PIOTROWSKI: Well, in the early stages of the program, around 2003 and 2004, we ran into a very difficult problem. We had students that had completed the program, and we started graduating different scholars in 2003, and very few federal agencies realized that the program is ... also, very few of them had ready positions for computer security, or cybersecurity employees. So, we had students that were willing to work for the government, but we had very, very few openings. So, around this time, there was an effort to streamline the process. And what we did was we created a job fair. So, every January, we have a job fair, where we invite a lot of federal agencies. This year, we had 58 agencies. So, we had to send some away. And we had 160 students that attended the job fair. So, we had 58 agencies competing for 160 students. So, I think this is an excellent ratio, from the students' point of view.

FIELD: Sure. And now, it would seem that cybersecurity is going to be a big part of the Obama administration. Where do you see career opportunities going forward for students that might be a part of the SFS program?

PIOTROWSKI: I think that it is the right time, that we see enormous activity in cybersecurity. Just two days ago, the legislation was introduced in the US Senate, and that legislation proposes to create high level office under the White House, the Cybersecurity Office. Essentially, more or less, as important a position as high as the National Security Council, under the President. There is also, currently right in the middle of the so-called 60-day review that President Obama asked the Director of National Intelligence to conduct, and as far as I know, that review also will be recommending the office under the White House. The openings are enormous. During the January - the number of openings for students - during the January job fair, one of our, our key speaker was a former student, a former SFS student, Michelle Kwan, who is currently leading US Cert. US Cert is the unit that protects the Internet within the United States. And when she gave her keynote address, at the end, she said, "By the way, I would like to hire today 12 of you." So, she started collecting resumes. So, it's just, there are enormous openings. Her unit expanded from forty people last year, I think, to about 250 this year. So, it is multiplying in orders of magnitude.

FIELD: That's very good. Now, for prospective students that might be interested in this, is there any one or two things you really would like them to know about the Scholarship for Service program?

PIOTROWSKI: Yes. The first thing is that it is a very competitive program. I know some universities - if you look at the list of universities that participate, we have a huge diversity. We have state universities, for example, Mississippi State, and we have famous private universities like Johns Hopkins, so there is a variety. But, regardless of what the student tries to apply, there will be a huge competition. So, we really look for students, some students, with a high GPA. So, we look for students that are generally, good, interested, committed to the mission of the program. That's one aspect. The other aspect is that the students have to remember that there is a commitment at the end of the program, and we expect them to work for the government. The minimal commitment is two years, but we certainly hope that most of them will enjoy this work and will stay beyond those two years. So, this is the kind of characteristics of the students that I would be looking for if selecting for the program.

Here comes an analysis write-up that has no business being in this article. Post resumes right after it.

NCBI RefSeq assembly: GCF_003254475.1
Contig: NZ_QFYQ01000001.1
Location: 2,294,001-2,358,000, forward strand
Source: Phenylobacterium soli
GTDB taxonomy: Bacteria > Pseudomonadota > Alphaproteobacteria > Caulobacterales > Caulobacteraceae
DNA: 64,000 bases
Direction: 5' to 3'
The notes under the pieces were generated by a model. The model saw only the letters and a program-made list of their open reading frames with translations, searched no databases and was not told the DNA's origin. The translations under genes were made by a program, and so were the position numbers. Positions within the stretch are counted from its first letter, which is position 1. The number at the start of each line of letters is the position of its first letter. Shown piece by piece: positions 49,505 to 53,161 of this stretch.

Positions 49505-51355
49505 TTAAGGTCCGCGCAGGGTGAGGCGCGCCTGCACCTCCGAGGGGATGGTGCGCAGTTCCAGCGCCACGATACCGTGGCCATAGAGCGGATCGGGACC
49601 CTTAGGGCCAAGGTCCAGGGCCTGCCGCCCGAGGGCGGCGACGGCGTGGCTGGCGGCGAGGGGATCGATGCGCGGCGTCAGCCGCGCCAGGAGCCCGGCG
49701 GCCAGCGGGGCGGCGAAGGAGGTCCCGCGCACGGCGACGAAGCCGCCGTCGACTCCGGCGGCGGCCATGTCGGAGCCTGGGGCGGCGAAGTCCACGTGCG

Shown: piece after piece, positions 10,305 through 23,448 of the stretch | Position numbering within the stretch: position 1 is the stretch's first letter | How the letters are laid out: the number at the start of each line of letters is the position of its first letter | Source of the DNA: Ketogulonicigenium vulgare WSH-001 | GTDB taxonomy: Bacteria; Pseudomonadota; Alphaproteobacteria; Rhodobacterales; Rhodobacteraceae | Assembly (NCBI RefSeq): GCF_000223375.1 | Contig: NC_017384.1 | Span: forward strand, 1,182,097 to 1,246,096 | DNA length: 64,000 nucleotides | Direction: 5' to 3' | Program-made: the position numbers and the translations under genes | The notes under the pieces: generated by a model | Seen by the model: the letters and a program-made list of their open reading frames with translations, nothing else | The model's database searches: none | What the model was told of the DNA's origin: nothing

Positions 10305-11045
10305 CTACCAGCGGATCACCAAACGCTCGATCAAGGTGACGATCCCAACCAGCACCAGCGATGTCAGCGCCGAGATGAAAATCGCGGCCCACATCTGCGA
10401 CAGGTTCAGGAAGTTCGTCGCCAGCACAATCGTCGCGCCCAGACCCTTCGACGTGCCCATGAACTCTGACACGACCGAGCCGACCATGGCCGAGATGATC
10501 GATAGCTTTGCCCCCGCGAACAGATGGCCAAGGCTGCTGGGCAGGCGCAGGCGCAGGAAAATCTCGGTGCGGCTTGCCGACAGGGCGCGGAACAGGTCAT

FIELD: Well, given the state of the economy right now, I've got to think that the Scholarship for Service Program is a very attractive option for people who are looking either to start a career in information security, or transition into one. It sounds like a wonderful program.

PIOTROWSKI: It is. I've received several phone calls this spring. We haven't disbursed this year's money, but we expect to do this within the next 60 days, however, I receive unusual phone calls from some places, saying that they've received an unusual volume of highly qualified students, from really top level universities. So, yeah, I think that confirms what you are saying.

FIELD: That's excellent. So, do you think at some point you might be working with people within the workforce, as well, that might want to transition out of a current career and into information security?

PIOTROWSKI: Well, if our capacities increase, and there's a lot of signs that it will be, then definitely we will be reaching further. Right now, we have very limited capacity, with the amount of funding that we have, we are probably using the entire money for new students. There are recommendations from different bodies to increase our program between four and eight times. I'm not sure if it's going to happen, but this kind of increase will definitely allow us to reach to those folks who want to requalify, change their career towards computer security.

FIELD: Very good. One more time, Victor, where can people go to get more details about the Scholarship for Service program?

PIOTROWSKI: The best, the best place is the website, www.sfs.opm.gov.

FIELD: Very good. Victor, thank you so much for your time and your insight this morning.

PIOTROWSKI: Thank you very much.

FIELD: We've been talking with Victor PIOTROWSKI, Lead Program Director for the National Science Foundation's Scholarship for Service program. For Information Security Media Group, I'm Tom Field. Thank you very much.


About the Author

Tom Field

Tom Field

Senior Vice President, Editorial, ISMG

Field is responsible for all of ISMG's 28 global media properties and its team of journalists. He also helped to develop and lead ISMG's award-winning summit series that has brought together security practitioners and industry influencers from around the world, as well as ISMG's series of exclusive executive roundtables.